About this paper

Appears in:
Pages: 3019-3029
Publication year: 2009
ISBN: 978-84-613-2953-3
ISSN: 2340-1095

Conference name: 2nd International Conference of Education, Research and Innovation
Dates: 16-18 November, 2009
Location: Madrid, Spain

ITS ALL IN HOW YOU FRAME IT: THE EFFECT OF INEQUALITY FRAMING ON THE ACADEMIC ENGAGEMENT OF COLLEGE STUDENTS

D. Wout

John Jay College (UNITED STATES)
There are vast differences in educational outcomes among social groups in the United States. For example, in 2003 while forty-two percent of Whites aged 18 to 24 participated in post-secondary education, only thirty-two percent of Blacks and twenty-four percent of Latinos did the same (National Center for Educational Statistics, 2005). In fields that rely heavily on mathematics, discrepancies also exist between men and women. For instance, while women earn more bachelor’s degrees than men, they account for only about a third of the bachelor’s degrees confirmed in mathematics and computer sciences (National Science Foundation, 1999). Similarly, in 2001, although women earned fifty-seven percent of bachelors degrees overall, they only earned twenty percent of engineering degrees (National Center for Educational Statistics, 2004).

These racial and gender differences can result in ethnic minorities and women psychologically disengaging from academics—detaching their self-esteem from external academic feedback or outcomes (Major and Schmader, 1998, p. 220; cf. Crocker & Major, 1989; Major, Spencer, Schmader, Wolfe, & Crocker, 1998; Schmader, Major, & Gramzow, 2001). While disengagement from academic outcomes might protect students’ self-esteem from negative feedback, over time it might also reduce identification with, and persistence in, academics (Crocker & Major, 1989; Lesko & Corpus, 2006; C. Steele, 1992, 1997).

The present studies demonstrate that social inequality does not always lead to subordinate-group disengagement. Rather, the manner in which the inequality is framed, either as the subordinate group is disadvantaged or as the dominant group is advantaged, can moderate the effect of group inequality on psychological disengagement. Specifically, we contend that inequality framed as subordinate-group disadvantage will cause subordinate group members to psychologically disengage and dominant group members to engage. In contrast, inequality framed as dominant-group advantage will enable subordinate groups to remain engaged and cause dominant groups to disengage.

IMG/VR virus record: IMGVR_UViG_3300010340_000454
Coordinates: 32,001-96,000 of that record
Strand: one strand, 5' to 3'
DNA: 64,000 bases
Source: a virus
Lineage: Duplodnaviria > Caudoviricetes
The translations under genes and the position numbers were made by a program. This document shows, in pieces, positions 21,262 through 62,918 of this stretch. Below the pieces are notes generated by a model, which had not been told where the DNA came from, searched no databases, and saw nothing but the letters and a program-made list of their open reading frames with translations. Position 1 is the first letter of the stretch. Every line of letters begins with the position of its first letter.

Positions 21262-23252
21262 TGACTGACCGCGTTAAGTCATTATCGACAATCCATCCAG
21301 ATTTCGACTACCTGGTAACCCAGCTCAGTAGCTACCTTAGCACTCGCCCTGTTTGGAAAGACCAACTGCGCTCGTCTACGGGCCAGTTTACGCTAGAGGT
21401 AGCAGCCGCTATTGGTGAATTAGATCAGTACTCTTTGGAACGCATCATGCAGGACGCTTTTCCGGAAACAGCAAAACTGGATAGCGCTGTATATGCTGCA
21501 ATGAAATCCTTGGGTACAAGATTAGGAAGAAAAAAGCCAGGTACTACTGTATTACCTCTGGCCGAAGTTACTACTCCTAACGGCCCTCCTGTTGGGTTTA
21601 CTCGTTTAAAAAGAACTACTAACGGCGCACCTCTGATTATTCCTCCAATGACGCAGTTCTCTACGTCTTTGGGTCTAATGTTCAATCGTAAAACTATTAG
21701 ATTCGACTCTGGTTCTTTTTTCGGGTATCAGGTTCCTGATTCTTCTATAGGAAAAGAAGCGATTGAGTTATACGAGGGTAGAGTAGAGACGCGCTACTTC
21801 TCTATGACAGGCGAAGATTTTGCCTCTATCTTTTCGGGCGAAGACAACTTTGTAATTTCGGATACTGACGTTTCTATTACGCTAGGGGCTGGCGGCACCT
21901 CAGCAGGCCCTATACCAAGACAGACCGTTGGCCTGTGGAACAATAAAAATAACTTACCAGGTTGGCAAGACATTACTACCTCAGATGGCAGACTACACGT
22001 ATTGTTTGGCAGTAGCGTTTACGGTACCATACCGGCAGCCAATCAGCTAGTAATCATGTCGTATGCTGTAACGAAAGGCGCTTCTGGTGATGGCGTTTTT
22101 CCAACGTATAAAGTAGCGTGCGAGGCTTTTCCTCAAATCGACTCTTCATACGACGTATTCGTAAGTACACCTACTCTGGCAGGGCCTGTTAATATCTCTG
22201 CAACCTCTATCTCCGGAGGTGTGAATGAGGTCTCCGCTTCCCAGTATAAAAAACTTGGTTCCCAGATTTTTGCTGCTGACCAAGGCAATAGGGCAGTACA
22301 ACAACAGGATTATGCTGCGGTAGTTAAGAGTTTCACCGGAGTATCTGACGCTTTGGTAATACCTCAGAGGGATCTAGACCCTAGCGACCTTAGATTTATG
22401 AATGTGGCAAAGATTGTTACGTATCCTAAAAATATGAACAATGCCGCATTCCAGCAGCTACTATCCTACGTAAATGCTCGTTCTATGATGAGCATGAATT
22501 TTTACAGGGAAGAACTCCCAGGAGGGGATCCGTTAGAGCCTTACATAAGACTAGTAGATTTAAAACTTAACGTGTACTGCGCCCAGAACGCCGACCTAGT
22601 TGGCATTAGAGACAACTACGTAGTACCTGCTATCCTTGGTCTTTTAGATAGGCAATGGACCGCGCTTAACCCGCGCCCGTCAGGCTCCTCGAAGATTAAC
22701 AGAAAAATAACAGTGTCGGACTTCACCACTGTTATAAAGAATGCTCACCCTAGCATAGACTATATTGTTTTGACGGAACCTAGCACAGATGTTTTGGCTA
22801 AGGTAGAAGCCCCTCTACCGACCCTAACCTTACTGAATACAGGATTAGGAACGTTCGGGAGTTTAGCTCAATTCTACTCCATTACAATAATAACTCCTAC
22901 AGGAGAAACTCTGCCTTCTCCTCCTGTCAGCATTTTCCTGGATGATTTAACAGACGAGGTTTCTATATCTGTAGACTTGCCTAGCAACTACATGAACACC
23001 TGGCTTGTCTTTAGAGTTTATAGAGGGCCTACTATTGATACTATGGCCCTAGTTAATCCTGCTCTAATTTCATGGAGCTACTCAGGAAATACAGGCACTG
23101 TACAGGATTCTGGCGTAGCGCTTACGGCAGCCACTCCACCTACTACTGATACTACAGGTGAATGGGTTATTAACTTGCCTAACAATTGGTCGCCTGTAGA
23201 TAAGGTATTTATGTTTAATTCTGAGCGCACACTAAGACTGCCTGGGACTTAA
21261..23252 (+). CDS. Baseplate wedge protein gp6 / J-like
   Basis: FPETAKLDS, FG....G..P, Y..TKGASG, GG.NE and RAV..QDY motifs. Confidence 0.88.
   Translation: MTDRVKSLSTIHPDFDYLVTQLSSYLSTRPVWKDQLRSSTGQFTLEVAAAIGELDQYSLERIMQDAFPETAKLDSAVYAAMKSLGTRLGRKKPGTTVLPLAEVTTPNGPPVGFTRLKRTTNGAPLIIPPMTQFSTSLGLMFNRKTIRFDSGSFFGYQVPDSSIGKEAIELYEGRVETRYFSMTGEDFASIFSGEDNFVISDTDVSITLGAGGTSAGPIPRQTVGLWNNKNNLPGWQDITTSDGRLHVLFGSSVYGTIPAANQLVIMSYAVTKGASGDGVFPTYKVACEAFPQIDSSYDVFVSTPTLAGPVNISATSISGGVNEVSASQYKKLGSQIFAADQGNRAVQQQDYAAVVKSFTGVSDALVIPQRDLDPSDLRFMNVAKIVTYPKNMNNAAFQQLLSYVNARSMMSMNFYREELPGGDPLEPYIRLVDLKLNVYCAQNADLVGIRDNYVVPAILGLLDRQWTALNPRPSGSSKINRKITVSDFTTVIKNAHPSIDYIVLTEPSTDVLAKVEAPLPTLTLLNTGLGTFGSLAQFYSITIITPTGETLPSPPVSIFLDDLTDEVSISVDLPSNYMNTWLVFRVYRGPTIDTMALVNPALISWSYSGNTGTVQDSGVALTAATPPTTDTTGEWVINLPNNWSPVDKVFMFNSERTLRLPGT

Studies 1a and 1b demonstrate that Black students disengage when academic inequality was framed as their group being disadvantage, but not when the inequality was framed as White students being advantaged. Study 2 demonstrates that women disengage from math when gender inequality in math is framed either as female disadvantaged or when the inequality is not given a frame, but remain engaged when the inequality is framed as male advantaged. In contrast, men remain engaged in math when gender inequality is framed as either female disadvantage or when the inequality is not given a frame, but disengage when the inequality is framed as male advantage. Study 3 demonstrates that racial identity moderated the effect of framing on disengagement for Whites, such that a White advantage frame causes only highly identified Whites to disengage. Collectively, these studies suggest that people disengage when inequality is framed in regards the ingroup, but remain engaged when inequality is framed in regards to the outgroup.

@InProceedings{WOUT2009ITS,
author = {Wout, D.},
title = {ITS ALL IN HOW YOU FRAME IT: THE EFFECT OF INEQUALITY FRAMING ON THE ACADEMIC ENGAGEMENT OF COLLEGE STUDENTS},
series = {2nd International Conference of Education, Research and Innovation},
booktitle = {ICERI2009 Proceedings},
isbn = {978-84-613-2953-3},
issn = {2340-1095},
publisher = {IATED},
location = {Madrid, Spain},
month = {16-18 November, 2009},
year = {2009},
pages = {3019-3029}}
TY - CONF
AU - D. Wout
TI - ITS ALL IN HOW YOU FRAME IT: THE EFFECT OF INEQUALITY FRAMING ON THE ACADEMIC ENGAGEMENT OF COLLEGE STUDENTS
SN - 978-84-613-2953-3/2340-1095
PY - 2009
Y1 - 16-18 November, 2009
CI - Madrid, Spain
JO - 2nd International Conference of Education, Research and Innovation
JA - ICERI2009 Proceedings
SP - 3019
EP - 3029
ER -
D. Wout (2009) ITS ALL IN HOW YOU FRAME IT: THE EFFECT OF INEQUALITY FRAMING ON THE ACADEMIC ENGAGEMENT OF COLLEGE STUDENTS, ICERI2009 Proceedings, pp. 3019-3029.
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